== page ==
For some time now, we’ve been told that the key to relationships is unconditional love. If you can look someone in the eye and say “i love you no matter what,” then all problems will disappear. If a mother tells her child “I love you unconditionally” then the child will feel better and grow up healthy.
So we are told. But in truth, when a mother tells her child “I love you unconditionally,” the child feels detached and rejected.
Love is an emotion, and emotions are reactions. Love connects people because it is a positive, pleasure-filled reaction to another. If the love ceases to be a reaction and becomes “unconditional,” then the connection is severed.
If you say to someone “no matter what you say, no matter what you do, no matter who you become, I will always love you,” you are telling them that what they say, what they do and who they are doesn’t matter.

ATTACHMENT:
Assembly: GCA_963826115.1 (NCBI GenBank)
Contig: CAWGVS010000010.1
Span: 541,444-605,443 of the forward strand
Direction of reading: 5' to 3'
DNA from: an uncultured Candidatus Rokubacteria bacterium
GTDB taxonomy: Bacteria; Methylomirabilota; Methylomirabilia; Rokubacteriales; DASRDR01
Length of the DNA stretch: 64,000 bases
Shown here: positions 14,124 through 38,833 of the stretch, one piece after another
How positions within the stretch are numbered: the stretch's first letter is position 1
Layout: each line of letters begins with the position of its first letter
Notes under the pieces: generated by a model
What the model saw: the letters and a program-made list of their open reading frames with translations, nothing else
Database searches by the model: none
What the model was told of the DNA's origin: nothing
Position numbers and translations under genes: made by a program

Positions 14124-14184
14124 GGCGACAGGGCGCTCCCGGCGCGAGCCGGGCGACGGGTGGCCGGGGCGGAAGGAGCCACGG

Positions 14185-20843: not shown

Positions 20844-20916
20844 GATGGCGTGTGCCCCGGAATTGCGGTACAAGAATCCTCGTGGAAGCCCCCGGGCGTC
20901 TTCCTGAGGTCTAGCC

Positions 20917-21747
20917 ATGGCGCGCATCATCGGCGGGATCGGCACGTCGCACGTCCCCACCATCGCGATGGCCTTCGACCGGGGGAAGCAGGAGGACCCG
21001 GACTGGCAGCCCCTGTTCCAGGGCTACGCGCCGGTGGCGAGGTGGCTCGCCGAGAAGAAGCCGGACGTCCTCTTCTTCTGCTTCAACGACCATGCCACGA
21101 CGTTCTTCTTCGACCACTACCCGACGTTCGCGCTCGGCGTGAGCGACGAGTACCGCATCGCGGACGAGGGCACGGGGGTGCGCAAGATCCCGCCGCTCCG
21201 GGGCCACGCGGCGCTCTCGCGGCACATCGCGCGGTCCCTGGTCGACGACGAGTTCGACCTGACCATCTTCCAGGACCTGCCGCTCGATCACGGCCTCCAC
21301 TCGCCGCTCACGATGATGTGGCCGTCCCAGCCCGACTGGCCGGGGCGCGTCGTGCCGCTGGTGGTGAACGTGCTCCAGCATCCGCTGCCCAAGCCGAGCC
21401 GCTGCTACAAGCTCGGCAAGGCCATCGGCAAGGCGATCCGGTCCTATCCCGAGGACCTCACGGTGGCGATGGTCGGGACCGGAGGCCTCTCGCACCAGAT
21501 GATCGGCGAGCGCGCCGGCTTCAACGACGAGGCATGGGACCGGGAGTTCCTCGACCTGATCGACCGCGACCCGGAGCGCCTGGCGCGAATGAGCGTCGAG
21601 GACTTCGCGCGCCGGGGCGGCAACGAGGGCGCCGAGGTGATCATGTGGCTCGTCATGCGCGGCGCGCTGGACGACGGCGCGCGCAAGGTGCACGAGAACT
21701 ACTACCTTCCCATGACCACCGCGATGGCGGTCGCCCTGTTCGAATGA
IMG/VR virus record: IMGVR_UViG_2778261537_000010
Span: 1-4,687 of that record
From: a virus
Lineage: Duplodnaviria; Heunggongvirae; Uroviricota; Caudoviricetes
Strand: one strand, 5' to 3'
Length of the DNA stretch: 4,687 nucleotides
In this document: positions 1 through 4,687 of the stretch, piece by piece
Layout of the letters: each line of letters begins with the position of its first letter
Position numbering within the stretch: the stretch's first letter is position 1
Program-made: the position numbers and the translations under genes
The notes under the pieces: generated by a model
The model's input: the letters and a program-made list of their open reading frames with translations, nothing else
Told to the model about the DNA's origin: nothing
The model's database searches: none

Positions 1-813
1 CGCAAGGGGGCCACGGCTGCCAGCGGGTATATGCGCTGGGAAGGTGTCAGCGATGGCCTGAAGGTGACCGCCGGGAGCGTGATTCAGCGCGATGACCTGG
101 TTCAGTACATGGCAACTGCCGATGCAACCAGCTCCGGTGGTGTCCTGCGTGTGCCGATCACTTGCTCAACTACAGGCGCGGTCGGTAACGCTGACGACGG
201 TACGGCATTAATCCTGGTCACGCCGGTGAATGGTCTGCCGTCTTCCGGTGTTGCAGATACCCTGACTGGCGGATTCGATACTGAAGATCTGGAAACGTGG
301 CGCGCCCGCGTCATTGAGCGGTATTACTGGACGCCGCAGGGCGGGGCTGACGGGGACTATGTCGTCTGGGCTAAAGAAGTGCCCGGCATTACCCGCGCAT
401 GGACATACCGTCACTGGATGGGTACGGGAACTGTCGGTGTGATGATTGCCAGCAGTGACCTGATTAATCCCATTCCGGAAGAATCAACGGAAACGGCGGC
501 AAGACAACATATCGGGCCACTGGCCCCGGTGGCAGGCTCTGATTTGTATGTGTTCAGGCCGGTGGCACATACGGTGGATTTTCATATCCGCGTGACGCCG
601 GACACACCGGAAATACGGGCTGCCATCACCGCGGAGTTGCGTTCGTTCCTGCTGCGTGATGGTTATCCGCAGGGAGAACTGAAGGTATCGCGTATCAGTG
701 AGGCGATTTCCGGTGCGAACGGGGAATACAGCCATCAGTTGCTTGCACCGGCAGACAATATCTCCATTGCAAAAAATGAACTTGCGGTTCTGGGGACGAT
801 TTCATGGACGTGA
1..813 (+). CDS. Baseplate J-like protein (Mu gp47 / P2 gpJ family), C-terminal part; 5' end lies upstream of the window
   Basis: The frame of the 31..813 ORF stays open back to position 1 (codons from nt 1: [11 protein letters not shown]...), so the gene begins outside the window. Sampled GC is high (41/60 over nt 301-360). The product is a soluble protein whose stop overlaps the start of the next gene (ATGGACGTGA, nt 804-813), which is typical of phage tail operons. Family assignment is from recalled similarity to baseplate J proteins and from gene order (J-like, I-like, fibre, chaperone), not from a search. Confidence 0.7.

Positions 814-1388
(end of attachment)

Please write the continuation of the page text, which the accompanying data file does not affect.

When you love unconditionally, you dismiss the person, and choose to focus only on how you feel about them. You stop seeing them and only see yourself. You reject the world of objectivity where they exist and matter together with you, and choose relativism where nothing exist but you, and you alone.
What a mother should tell her child is, “no matter what, no matter what you say, no matter what you do, no matter who you become, no matter how i feel about you, I will always be your mother, and therefore you have me!”
In other words “even when i hate you, you will matter to me more than anything, because I am your mother no matter what.”